One person’s big LOL is another’s PTSD

2015-03-18 15:00

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Seeing the mugging of Vuyo Mvoko and other members of the SABC crew on TV was an immense trauma trigger.

The scariest part was the familiarity of the scene: the weird attempt at being casual, the sudden pouncing and patting down as the muggers searched for valuables, and the eerie whispering as they demanded more stuff and threatened to “dubula le nja” (shoot the dog).

How quickly things go from normal to petrifying.

I’ve been mugged twice in my life, most recently a year ago on the morning of my interview with this publication.

I know that dance.

It occurs to your mind and every cell in your body that you could literally die, but also that you are being violated – so you want to fight.

Often, what follows is a huge sense of shame that you chose life and not to fight.

I had two immediate thoughts upon seeing the crime.

The first was how many people in the country would experience déjà vu while seeing the mugging, especially those who had just been watching their evening news.

Being mugged is so commonplace that it’s almost rare to not know – or be – someone who has been violated in that manner.

It’s one of the few crimes where, we’ve come to understand, it’s really down to luck and, by some chance, managing to avoid being in the same place as the criminal – be it at night, during the day, in groups, alone and in “safe” or “unsafe” spaces.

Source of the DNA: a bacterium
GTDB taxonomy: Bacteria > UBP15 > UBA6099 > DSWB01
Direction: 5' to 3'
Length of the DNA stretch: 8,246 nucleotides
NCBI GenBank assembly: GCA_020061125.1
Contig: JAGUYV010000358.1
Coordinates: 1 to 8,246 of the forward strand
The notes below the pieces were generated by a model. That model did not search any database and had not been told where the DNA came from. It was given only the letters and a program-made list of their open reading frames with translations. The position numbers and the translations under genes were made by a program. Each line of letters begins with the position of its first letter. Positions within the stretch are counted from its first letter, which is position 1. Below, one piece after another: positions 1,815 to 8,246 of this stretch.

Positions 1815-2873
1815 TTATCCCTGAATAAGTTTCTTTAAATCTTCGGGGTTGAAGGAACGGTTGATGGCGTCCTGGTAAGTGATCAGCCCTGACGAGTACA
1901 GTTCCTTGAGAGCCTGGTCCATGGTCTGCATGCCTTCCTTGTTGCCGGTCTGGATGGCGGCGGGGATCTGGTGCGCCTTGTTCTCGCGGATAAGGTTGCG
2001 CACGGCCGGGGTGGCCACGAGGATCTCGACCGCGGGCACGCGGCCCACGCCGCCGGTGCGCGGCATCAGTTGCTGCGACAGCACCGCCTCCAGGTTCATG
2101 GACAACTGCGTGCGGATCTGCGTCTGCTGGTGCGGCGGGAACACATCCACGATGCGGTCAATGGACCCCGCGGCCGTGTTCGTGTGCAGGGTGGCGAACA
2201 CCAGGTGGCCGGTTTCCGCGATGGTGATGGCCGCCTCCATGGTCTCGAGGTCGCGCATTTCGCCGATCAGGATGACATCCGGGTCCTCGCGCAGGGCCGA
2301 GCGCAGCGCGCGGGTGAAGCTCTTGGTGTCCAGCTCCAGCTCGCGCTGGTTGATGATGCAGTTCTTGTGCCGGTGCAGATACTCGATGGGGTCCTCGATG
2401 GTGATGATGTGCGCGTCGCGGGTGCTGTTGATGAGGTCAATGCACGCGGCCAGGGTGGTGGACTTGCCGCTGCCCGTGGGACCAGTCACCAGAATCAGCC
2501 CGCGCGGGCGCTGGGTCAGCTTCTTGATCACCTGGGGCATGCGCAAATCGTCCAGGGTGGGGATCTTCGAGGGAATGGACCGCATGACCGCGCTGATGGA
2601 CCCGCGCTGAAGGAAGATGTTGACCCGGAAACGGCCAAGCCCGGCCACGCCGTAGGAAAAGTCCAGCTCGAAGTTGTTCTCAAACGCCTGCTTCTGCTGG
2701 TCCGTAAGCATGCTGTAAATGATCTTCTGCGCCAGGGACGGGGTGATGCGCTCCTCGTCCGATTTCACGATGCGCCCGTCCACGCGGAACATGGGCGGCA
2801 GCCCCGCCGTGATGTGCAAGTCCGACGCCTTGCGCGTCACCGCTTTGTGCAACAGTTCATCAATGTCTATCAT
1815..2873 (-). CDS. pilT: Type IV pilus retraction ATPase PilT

Which brings me to the next thought: this kind of crime is pervasive, so why is it funny to see it happen to other people?

In a country where the bulk of the population suffers from some kind of post-traumatic stress disorder (PTSD), from previous and current incidents of violence, why are the myriad causes of that PTSD not taken more seriously?

The online “LOLs” and “hahahas”, and “why didn’t he run?” were confusing, because we know that people have been – and continue to be – murdered for their possessions.

Sometimes people are killed because their possessions aren’t valuable enough – so you’ve wasted the muggers’ time.

Is it that we are attempting to cope?

Or is it that we are so far removed from the reality of living here that we think crime is entertainment?

Perhaps it is because some of us are able to share our stories of surviving violence with some humour.But crime exists on a continuum and no form of it should be acceptable.

We can’t claim to abhor it while finding some types of crime funny.

Follow me on Twitter @GugsM

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